John Schmeelk: FICTION - I guess it depends how you define “intriguing,” but I can’t put Fluker ahead of Brandon Marshall. Fluker has started and played thousands of snaps over four years in the NFL at tackle and guard. We know what he is. There’s still a chance he improves, but given everything he has put on tape, I’m not sure I would label him as intriguing.
Dan Salomone: FICTION - The Brandon Marshall signing was the biggest, the most intriguing, and any other superlative you want to attach to it. It’s a bad job by me -- I did not realize how historic Marshall’s production has been until I did the research when he signed with the Giants last month. The most intriguing part is that he’s the first receiver in NFL history to go for 1,000 yards with four different teams. And the three times he switched – 2010 Dolphins, 2012 Bears, and 2015 Jets – he got it in his first season with his new team.
Lance Medow: FACT - D.J. Fluker has experience playing both right guard and right tackle in his four-year stint with the Chargers, so it’ll be very interesting to see where the Giants utilize him during spring workouts as well as training camp. John Jerry and Bobby Hart, who started the majority of last season’s games at right guard and right tackle, respectively, are both back in the mix. That means Fluker could challenge both players for a starting job. The Rhett Ellison signing is also intriguing, but unlike Fluker, given Ellison served mainly as a blocking tight end/fullback in five seasons with the Vikings, it’s a bit easier to project how he’ll fit in with the Giants as opposed to Fluker.
The Raiders are the best team on the Giants’ 2017 schedule.
John Schmeelk: FACT - This comes down to a competition between the Raiders and the Cowboys. Dallas lost a bunch of starters from its defense last year and will rely on the draft to fill a lot of those spots. Despite the fact that the draft is loaded on defense, relying on young players is a dangerous proposition for any team. The Raiders, on the other hand, are a young team that’s still ascending and might be even better in 2017 than they were last year. They have playmakers on offense (Derek Carr, Amari Cooper) and defense (Khalil Mack) that will be a huge challenge for the Giants.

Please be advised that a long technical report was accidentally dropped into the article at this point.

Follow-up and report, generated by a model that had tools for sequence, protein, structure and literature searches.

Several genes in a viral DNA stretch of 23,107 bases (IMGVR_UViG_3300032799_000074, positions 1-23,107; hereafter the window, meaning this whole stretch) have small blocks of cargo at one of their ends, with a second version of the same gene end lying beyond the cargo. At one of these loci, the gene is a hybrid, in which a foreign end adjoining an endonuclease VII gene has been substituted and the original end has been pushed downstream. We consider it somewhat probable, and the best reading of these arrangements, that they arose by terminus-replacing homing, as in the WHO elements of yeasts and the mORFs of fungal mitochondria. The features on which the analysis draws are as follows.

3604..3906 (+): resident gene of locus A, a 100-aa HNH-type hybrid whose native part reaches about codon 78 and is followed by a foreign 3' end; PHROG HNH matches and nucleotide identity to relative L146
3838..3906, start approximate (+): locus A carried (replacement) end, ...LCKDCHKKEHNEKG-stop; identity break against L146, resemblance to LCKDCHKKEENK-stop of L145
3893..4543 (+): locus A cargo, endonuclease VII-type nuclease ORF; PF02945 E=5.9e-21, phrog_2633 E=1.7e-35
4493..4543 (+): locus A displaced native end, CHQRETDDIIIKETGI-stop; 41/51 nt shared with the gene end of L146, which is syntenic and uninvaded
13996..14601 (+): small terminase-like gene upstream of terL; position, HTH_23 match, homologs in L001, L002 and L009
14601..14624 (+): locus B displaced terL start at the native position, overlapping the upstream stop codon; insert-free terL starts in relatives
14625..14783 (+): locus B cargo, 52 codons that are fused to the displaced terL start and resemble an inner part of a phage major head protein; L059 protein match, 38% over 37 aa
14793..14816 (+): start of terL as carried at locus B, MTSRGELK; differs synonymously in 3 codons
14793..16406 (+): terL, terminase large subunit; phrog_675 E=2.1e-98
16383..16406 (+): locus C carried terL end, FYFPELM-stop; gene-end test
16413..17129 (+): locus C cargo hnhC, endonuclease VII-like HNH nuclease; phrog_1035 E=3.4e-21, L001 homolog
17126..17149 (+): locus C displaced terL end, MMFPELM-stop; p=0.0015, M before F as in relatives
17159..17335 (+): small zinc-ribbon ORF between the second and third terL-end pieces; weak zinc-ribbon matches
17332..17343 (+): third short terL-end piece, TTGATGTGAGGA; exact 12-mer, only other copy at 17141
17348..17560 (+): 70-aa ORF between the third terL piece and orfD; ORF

Dan Salomone: FICTION - I was going back and forth between the Cowboys and Raiders, but then I settled on what I respect most in this league: consistency. That led me to picking the Seahawks. Dallas has fluctuated from 8-8 to 12-4 to 4-12 to 13-3 over the last four seasons. Meanwhile, the Raiders just made their first postseason appearance since Super Bowl XXXVII. Seattle, on the other hand, has a double-digit win total in each of the last five seasons, including two trips to the Super Bowl and winning one of them.
Lance Medow: FACT - I can make a case for some of the teams in the NFC East, but given the Giants play them every single season, I think it’s only fair to select an opponent outside of the division. The Raiders showcased one of the best offenses in the NFL in 2016 (7th in the NFL in scoring – averaged 26 points per game) and that nucleus will return this season. Quarterback Derek Carr plays behind one of the best offensive lines in the league, and even though Oakland lost starting running back Latavius Murray in free agency to the Vikings, it still has last year’s fifth-round pick DeAndre Washington, who flashed multiple times during his rookie campaign. Carr’s targets in the passing game include wideouts Amari Cooper, Michael Crabtree, Seth Roberts and Cordarrelle Patterson, whom they signed from the Vikings as well as tight end Jared Cook, whom they added from the Packers. Patterson will also help bolster the Raiders’ special teams. While Oakland doesn’t have a dominant defense, it does have a number of disruptive playmakers highlighted by pass rushers Khalil Mack and Bruce Irvin, who combined for 18 of the team’s 25 sacks in 2016. What also makes the Raiders challenging is the fact that the Giants have to travel cross-country to visit Oakland. I’d put the Broncos and Seahawks right behind the Raiders.